Self-motion trajectories can facilitate orientation-based figure-ground segregation

Arkadeb Dutta, Tidhar Lev-Ari, Ouriel Barzilay, Rotem Mairon, Alon Wolf, Ohad Ben-Shahar, Yoram Gutfreund

Research output: Contribution to journalArticlepeer-review

2 Scopus citations


Segregation of objects from the background is a basic and essential property of the visual system. We studied the neural detection of objects defined by orientation difference from background in barn owls (Tyto alba). We presented wide-field displays of densely packed stripes with a dominant orientation. Visual objects were created by orienting a circular patch differently from the background. In head-fixed conditions, neurons in both tecto- and thalamofugal visual pathways (optic tectum and visual Wulst) were weakly responsive to these objects in their receptive fields. However, notably, in freely viewing conditions, barn owls occasionally perform peculiar side-to-side head motions (peering) when scanning the environment. In the second part of the study we thus recorded the neural response from head-fixed owls while the visual displays replicated the peering conditions; i.e., the displays (objects and backgrounds) were shifted along trajectories that induced a retinal motion identical to sampled peering motions during viewing of a static object. These conditions induced dramatic neural responses to the objects, in the very same neurons that where unresponsive to the objects in static displays. By reverting to circular motions of the display, we show that the pattern of the neural response is mostly shaped by the orientation of the background relative to motion and not the orientation of the object. Thus our findings provide evidence that peering and/or other self-motions can facilitate orientation-based figure-ground segregation through interaction with inhibition from the surround. NEW & NOTEWORTHY Animals frequently move their sensory organs and thereby create motion cues that can enhance object segregation from background. We address a special example of such active sensing, in barn owls. When scanning the environment, barn owls occasionally perform small-amplitude side-to-side head movements called peering. We show that the visual outcome of such peering movements elicit neural detection of objects that are rotated from the dominant orientation of the background scene and which are otherwise mostly undetected. These results suggest a novel role for self-motions in sensing objects that break the regular orientation of elements in the scene.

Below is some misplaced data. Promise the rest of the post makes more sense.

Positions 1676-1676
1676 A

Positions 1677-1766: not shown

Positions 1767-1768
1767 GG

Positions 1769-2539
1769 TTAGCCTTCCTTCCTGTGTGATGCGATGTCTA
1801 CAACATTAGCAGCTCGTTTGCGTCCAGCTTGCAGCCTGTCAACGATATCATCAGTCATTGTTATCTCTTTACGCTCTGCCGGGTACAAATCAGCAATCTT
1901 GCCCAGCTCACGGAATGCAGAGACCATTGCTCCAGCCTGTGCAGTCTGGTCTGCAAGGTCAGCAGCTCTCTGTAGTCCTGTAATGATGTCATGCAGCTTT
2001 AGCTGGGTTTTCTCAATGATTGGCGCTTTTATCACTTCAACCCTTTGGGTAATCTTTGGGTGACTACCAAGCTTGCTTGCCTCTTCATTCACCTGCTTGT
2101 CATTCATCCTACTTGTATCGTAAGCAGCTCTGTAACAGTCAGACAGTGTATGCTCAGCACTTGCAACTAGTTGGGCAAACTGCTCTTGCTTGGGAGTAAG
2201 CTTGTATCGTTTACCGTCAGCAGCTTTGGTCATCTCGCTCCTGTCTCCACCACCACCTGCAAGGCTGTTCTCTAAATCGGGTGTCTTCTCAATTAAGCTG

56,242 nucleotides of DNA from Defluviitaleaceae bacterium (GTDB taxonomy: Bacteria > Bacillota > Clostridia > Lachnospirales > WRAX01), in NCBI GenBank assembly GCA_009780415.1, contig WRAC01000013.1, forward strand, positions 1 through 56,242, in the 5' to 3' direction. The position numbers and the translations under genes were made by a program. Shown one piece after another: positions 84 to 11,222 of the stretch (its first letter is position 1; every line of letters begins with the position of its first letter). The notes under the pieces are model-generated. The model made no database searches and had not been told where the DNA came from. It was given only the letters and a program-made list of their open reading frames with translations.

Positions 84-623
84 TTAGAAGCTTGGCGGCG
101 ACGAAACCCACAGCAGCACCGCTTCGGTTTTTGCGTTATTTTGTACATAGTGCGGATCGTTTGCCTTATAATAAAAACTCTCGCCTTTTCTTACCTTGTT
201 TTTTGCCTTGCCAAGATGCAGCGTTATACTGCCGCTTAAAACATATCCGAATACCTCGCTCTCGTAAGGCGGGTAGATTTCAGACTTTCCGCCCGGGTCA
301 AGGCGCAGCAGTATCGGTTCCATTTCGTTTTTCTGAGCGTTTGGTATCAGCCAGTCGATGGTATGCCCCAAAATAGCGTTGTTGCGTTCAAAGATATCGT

Original languageEnglish
Pages (from-to)912-926
Number of pages15
JournalJournal of Neurophysiology
Issue number3
StatePublished - 1 Mar 2020


  • Active vision
  • Barn owls
  • Camouflage breaking
  • Optic tectum
  • Ouchi illusion

ASJC Scopus subject areas

  • General Neuroscience
  • Physiology


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